Republican lawmakers in several states are eyeing a change to school board election procedures to help voters distinguish between candidates in the traditionally nonpartisan elections.
School board elections are considered nonpartisan races throughout most of the country, and candidates generally eschew party labels. But as parental rights activists have pushed back against liberal school board policies nationwide, Republicans in several states are viewing party labels as a way for voters to better distinguish candidates.
WORRIED PARENTS TAKE OVER SCHOOL BOARD SEATS ACROSS THE COUNTRY
Tennessee reportedly passed legislation in October that allowed school board candidates in the state to list their party affiliation, while Florida, Missouri, and Arizona all have similar proposals in various stages of the legislative process.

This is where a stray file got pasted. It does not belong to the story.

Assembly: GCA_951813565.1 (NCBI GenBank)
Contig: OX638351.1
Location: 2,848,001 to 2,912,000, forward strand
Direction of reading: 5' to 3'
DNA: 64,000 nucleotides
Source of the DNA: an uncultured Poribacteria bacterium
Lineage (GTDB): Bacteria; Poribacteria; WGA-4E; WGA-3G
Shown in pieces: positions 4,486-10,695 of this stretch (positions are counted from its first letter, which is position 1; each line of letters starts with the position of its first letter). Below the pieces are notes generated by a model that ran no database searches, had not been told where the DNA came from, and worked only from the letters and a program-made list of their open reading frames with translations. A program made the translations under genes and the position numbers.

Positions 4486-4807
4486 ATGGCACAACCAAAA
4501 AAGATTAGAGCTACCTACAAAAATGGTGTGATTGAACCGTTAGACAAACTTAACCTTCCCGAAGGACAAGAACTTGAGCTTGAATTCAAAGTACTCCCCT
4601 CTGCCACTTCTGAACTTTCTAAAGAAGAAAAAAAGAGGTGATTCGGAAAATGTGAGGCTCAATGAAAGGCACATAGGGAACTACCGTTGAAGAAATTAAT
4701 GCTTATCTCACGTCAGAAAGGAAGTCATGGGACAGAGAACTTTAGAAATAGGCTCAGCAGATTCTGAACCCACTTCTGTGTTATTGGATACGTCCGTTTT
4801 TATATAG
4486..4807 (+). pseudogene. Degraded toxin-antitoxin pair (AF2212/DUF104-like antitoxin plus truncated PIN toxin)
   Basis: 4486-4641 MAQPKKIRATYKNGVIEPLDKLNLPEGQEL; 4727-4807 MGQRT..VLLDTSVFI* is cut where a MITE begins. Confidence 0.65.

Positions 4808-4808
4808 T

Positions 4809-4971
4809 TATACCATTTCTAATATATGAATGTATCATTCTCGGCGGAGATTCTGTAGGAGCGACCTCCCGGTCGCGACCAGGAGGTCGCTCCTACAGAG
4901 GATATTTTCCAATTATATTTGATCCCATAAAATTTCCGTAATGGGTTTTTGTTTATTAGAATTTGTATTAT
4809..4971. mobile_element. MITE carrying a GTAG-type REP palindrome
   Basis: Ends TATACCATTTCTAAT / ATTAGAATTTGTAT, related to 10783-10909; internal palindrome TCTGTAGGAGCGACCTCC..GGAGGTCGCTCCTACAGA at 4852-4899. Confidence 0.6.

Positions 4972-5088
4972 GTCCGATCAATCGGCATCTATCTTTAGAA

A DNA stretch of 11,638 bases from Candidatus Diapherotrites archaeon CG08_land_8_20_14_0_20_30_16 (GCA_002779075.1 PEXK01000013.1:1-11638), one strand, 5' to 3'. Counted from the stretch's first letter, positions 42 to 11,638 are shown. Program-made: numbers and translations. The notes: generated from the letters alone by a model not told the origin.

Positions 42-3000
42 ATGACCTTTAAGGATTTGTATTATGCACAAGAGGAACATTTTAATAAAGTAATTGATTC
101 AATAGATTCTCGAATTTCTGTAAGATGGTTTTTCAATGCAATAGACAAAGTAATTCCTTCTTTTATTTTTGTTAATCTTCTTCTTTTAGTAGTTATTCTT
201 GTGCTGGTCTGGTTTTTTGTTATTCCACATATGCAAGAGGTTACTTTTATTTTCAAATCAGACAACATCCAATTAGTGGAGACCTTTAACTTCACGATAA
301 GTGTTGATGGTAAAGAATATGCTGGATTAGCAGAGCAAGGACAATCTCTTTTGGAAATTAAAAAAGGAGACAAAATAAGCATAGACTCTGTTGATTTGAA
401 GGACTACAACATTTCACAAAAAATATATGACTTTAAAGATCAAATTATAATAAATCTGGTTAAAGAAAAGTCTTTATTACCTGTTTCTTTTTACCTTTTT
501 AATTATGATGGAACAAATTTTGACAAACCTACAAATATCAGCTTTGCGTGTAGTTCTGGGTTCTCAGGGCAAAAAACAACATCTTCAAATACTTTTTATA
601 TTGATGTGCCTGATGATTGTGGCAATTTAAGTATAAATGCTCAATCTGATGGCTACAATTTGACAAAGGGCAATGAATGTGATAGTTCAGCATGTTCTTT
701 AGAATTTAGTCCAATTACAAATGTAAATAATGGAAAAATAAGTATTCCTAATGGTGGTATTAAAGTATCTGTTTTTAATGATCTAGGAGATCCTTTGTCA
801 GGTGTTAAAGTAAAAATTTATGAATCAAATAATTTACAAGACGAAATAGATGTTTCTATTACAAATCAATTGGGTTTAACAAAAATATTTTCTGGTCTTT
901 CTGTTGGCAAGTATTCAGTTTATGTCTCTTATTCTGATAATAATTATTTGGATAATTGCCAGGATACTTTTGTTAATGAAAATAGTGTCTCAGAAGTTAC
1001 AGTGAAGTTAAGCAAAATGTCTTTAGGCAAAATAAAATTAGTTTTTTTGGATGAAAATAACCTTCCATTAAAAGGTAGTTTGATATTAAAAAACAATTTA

The American Enterprise Institute’s Max Eden published an October paper calling for states to allow partisan labels and to move school board elections to “on cycle” years as off-cycle elections “deeply depress turnout and minimize genuine ‘local control’ in public education.”
“To boost the signal as to what candidates stand for, school board ballots should allow partisan affiliation to appear next to candidates names,” Eden wrote.
Without partisan labels, school board elections have often resulted in highly Republican and conservative areas electing school board officials with more liberal politics than the area’s general tilt.
In 2021, a movement to elect more conservative candidates saw immense success in school board races all over the country, as liberal incumbents were ousted by conservative candidates who ran on platforms vowing to ban critical race theory and school mask mandates.
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The push is not without its critics, Martin West, a professor at the Harvard Graduate School of Education, told Politico that while partisan board races “would produce more informed voters,” he added that “it would likely accelerate [the] emerging trend of nationalization of local education politics.”